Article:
Ohio has set up a classic regulatory Catch-22 to damage the reproductive rights of Ohio women, by 1)requiring abortion clinics to set up transfer agreements, 2)banning state hospitals from entering into them, and 3)then ruling a transfer agreement with a hospital over state lines as illegal because it’s too far away. It is transparent that this regulatory framework is not designed to protect the health of women, but to force clinics to close. In the case of Toledo’s only abortion clinic, it will almost certainly do exactly that.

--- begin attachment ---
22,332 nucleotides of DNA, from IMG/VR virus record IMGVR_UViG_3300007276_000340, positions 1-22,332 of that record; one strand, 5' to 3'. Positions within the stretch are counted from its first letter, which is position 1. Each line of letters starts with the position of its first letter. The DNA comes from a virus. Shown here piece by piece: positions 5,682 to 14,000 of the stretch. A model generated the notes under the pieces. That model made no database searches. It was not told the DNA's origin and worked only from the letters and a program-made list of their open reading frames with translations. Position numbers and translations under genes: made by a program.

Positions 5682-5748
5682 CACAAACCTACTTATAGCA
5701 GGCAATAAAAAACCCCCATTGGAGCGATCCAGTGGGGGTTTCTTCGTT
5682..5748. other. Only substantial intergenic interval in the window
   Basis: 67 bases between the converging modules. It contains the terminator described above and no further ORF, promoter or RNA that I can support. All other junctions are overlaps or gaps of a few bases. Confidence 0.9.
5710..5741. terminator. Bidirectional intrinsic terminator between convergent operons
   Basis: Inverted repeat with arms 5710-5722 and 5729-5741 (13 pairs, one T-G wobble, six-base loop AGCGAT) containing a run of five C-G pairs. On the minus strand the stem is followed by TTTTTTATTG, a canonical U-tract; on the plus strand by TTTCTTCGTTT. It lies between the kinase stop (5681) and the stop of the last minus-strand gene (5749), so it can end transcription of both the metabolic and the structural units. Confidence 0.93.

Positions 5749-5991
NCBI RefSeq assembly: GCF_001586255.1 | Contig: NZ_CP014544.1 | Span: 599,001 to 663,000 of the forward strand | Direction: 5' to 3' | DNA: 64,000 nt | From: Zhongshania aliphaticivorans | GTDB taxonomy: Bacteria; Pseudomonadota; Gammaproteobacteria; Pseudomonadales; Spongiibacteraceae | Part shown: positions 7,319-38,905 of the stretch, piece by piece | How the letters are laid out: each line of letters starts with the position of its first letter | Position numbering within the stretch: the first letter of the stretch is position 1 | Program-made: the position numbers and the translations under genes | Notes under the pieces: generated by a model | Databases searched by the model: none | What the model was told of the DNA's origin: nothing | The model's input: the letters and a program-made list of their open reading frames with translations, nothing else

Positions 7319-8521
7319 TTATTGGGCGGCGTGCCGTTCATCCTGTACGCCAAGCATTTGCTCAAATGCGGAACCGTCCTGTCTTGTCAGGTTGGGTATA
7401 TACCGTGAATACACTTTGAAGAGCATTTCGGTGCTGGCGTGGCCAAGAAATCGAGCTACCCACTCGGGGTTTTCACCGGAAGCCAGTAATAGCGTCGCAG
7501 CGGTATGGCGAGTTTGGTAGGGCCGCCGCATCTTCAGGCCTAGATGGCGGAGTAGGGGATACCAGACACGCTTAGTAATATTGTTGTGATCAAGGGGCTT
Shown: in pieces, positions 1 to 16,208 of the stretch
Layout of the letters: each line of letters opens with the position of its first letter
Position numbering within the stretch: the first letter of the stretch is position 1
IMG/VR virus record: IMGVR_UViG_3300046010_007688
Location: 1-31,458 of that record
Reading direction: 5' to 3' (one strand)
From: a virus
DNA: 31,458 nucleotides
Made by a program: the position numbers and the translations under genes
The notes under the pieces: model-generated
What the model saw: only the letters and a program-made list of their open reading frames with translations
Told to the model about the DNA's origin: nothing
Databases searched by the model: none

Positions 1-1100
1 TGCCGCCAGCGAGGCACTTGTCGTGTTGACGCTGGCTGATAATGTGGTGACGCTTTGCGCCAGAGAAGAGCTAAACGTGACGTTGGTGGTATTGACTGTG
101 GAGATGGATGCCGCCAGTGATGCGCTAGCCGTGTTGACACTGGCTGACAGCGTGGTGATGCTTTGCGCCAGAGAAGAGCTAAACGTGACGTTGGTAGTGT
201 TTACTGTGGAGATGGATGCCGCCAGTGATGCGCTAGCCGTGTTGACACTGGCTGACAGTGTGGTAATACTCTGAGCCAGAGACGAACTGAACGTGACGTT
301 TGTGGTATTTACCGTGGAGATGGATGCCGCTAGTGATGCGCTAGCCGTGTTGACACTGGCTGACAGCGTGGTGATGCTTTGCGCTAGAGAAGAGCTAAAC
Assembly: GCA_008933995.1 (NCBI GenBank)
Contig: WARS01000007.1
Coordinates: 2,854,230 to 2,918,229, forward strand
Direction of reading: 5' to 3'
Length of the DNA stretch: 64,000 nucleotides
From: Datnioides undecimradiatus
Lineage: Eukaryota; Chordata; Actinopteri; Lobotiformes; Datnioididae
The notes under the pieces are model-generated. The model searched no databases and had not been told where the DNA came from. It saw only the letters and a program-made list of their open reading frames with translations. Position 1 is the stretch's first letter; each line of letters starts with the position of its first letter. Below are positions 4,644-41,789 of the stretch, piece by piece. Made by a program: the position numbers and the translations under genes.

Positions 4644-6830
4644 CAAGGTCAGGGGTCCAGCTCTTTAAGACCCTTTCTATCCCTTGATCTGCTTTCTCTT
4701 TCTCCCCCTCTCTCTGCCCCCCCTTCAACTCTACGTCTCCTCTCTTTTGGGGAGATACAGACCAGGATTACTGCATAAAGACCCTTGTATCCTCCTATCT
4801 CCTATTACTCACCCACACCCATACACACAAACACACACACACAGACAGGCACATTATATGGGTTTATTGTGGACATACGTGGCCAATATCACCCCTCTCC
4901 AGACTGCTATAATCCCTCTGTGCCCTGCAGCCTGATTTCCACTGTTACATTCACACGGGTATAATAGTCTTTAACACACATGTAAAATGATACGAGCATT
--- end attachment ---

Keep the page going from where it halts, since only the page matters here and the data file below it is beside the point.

It seems clear that these restrictions are unconstitutional under the Supreme Court’s recent decision in Whole Women’s Health. A majority of the Ohio Supreme Court, however, refused to consider the federal constitutional question, although it had been affirmatively raised by the state. As the Chief Justice argued in dissent, this conclusion was wrong (see section B.) The court also rejected a challenge based on the Ohio constitution’s single-subject requirement, although the restriction was included in a budget bill.
In short, sometimes the crudest versions of legal realism are indeed applicable. And also consider these laws during the next round of ridiculous “John Kasich, kindly reasonable moderate” fluffing.